“It’s about creating a sense of community,” Peter Spearman, senior at the College, thoughtfully explained, “Or really, it’s just something silly.” Earlier this year when Liza Anne, a close friend and musician from Nashville, proposed the idea of touring to Charleston, Spearman offered his house as a makeshift concert venue. He and his three roommates decided that with only six months of rent left, they would take a chance and let her perform in their backyard. Maybe it would anger their neighbors, maybe their house would get trashed or maybe no one would even show up. Yet the impromptu event proved to be surprisingly successful and the residents of 293 King St. decided the music should not stop there.
Spearman’s house affectionately came to be known as Kevsco Alley and continued to play host to a slew of musicians, from Spearman’s old R.A. to well-known locals. Located beside the restaurant, Fire, on King Street, one would push through the wrought-iron gate with Kevsco scrawled on the top to be led down a small narrow brick pathway. Progressively widening, the alley finally opens into a large paved space, nestled between brick houses and iron scaffoldings. Bands, which played for free, would set up their equipment in the open square and an audience would trickle in from the street, filling up the alley and fostering a community.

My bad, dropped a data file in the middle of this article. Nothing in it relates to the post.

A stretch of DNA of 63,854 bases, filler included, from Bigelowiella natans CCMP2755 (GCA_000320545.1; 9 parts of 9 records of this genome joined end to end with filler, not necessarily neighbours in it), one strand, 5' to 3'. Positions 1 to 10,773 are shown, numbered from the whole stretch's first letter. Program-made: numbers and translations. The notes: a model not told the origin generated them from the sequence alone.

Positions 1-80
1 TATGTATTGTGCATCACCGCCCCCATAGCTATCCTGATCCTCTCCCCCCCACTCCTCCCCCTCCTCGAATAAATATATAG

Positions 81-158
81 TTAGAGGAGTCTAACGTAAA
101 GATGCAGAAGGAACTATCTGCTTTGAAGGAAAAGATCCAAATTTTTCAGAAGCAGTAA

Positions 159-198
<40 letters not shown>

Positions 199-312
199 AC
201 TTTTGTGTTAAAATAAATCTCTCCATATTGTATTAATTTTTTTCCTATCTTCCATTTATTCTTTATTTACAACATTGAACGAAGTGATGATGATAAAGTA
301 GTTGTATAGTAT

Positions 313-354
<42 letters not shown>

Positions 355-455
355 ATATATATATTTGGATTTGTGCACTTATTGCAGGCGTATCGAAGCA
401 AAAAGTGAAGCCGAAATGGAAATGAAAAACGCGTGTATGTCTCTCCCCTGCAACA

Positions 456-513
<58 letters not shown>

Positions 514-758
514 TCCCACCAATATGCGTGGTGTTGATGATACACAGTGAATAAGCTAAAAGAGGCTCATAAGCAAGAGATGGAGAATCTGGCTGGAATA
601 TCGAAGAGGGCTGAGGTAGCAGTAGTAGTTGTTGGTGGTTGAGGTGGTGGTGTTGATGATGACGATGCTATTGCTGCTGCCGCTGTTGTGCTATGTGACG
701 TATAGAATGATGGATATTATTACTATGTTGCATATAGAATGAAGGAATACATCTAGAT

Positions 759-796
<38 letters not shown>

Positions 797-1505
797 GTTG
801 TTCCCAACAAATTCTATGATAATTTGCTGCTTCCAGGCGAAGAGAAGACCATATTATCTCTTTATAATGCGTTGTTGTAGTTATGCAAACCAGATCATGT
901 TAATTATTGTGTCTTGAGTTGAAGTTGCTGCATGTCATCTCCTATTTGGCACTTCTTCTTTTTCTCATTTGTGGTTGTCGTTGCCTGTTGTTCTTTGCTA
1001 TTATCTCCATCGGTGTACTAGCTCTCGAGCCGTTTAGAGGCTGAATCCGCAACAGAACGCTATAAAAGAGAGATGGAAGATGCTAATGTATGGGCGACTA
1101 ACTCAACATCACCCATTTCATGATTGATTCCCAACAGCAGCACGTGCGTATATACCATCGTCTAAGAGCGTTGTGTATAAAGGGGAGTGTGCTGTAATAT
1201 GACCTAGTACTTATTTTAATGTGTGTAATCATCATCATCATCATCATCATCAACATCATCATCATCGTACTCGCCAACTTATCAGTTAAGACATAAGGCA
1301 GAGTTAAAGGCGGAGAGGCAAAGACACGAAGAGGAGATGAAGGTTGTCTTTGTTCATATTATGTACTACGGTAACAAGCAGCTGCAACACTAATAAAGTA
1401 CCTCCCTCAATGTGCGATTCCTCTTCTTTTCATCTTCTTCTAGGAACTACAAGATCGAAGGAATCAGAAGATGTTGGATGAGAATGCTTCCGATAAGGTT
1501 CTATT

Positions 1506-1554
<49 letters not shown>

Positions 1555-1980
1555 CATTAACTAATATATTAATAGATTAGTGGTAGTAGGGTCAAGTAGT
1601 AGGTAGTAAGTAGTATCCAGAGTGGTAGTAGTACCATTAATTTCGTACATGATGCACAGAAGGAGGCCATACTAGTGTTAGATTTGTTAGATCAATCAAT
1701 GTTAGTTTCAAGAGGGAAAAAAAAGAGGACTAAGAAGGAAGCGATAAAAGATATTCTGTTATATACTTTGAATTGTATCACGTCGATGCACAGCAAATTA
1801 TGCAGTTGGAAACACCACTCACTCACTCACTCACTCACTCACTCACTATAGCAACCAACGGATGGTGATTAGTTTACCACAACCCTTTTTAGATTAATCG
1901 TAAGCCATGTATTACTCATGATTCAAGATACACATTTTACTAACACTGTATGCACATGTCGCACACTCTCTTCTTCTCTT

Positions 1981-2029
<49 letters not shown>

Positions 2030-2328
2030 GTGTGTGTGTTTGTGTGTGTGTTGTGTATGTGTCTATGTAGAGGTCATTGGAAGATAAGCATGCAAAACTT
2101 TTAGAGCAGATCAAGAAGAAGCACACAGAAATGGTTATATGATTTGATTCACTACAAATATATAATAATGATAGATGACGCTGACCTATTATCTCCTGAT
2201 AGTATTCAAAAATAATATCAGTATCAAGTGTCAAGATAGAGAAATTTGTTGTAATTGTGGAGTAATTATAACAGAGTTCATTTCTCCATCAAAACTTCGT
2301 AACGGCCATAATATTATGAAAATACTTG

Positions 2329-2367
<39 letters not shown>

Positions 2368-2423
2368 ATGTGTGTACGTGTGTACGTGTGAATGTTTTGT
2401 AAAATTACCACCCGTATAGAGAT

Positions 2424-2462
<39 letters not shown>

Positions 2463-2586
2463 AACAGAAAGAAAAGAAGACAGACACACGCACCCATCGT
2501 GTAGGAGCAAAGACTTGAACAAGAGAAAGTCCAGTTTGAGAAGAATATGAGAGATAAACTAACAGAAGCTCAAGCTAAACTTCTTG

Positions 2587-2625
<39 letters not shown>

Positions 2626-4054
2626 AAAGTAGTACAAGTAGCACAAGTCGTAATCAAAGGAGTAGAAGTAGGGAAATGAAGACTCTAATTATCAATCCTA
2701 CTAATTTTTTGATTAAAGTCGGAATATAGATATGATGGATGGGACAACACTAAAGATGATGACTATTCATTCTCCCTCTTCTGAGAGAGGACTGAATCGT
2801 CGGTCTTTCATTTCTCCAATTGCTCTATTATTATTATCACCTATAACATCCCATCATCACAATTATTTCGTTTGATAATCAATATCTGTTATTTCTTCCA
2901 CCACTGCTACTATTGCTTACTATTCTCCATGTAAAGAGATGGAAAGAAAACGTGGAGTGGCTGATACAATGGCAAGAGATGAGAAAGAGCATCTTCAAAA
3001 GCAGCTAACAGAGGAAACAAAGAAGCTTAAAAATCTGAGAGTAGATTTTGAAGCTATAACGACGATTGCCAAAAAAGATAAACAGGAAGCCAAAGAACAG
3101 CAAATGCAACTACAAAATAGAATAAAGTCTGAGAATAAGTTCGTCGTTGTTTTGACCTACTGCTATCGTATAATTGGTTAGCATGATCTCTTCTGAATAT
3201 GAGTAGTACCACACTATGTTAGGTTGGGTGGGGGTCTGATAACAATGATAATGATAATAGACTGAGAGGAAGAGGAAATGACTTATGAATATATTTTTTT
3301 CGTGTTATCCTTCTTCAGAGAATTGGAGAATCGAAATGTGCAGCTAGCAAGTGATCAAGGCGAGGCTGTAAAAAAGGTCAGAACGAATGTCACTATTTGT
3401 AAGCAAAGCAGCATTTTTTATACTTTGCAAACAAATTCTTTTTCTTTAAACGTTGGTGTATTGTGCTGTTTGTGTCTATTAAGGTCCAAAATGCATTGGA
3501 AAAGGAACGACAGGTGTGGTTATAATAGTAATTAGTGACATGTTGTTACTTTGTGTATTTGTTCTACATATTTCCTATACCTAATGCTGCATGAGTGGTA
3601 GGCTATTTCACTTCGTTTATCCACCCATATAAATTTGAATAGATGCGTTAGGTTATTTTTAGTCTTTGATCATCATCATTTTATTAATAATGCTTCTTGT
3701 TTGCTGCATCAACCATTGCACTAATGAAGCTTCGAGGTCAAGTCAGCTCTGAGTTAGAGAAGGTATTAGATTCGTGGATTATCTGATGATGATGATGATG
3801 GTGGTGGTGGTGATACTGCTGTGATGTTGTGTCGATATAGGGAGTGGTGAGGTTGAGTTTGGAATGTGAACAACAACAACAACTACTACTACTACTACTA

Of course, Spearman was not alone in running the house shows. His roommates Matthew Navey, Patrick Walker and Addi Greene were also original founders of the low-key concerts. Everyone participated either by creating and hanging posters or managing hospitality since they were also a ‘hotel’ for the traveling musicians, providing free drinks to the audience. Amongst the four of them, the word spread rapidly about Kevsco. Over the next six months, they welcomed musicians such as Cory Kilgannon, Family and Friends, Steven Fiore, Tiger Hudson, She Returns From War and Michael Flynn to Kevsco, the majority of whom were either locals or traveled from nearby Southeastern towns, namely Columbia or Nashville.
While Spearman was in charge of booking the artists, he soon found it was not very difficult. Instead, they had begun to reach out to him. “Apparently,” Spearman said, “all the small bands in Southeast are friends.” Undoubtedly through word of mouth, their shows grew and soon the brick-laden patio with graffiti walls was brimming with people young and old. Artists were likely eager to fuel the spark of a thriving small-scale music venue or perhaps just share their work with a diverse yet neighborly crowd. “The atmosphere at Kevsco really does feel like a closely-knit community,” Spearman emphasized. People are friendly, chatting between songs, and easy-going, never hard on the performer if they make a few mistakes here and there. It really takes the pressure off the musician, which is perfect if they do not have much live experience.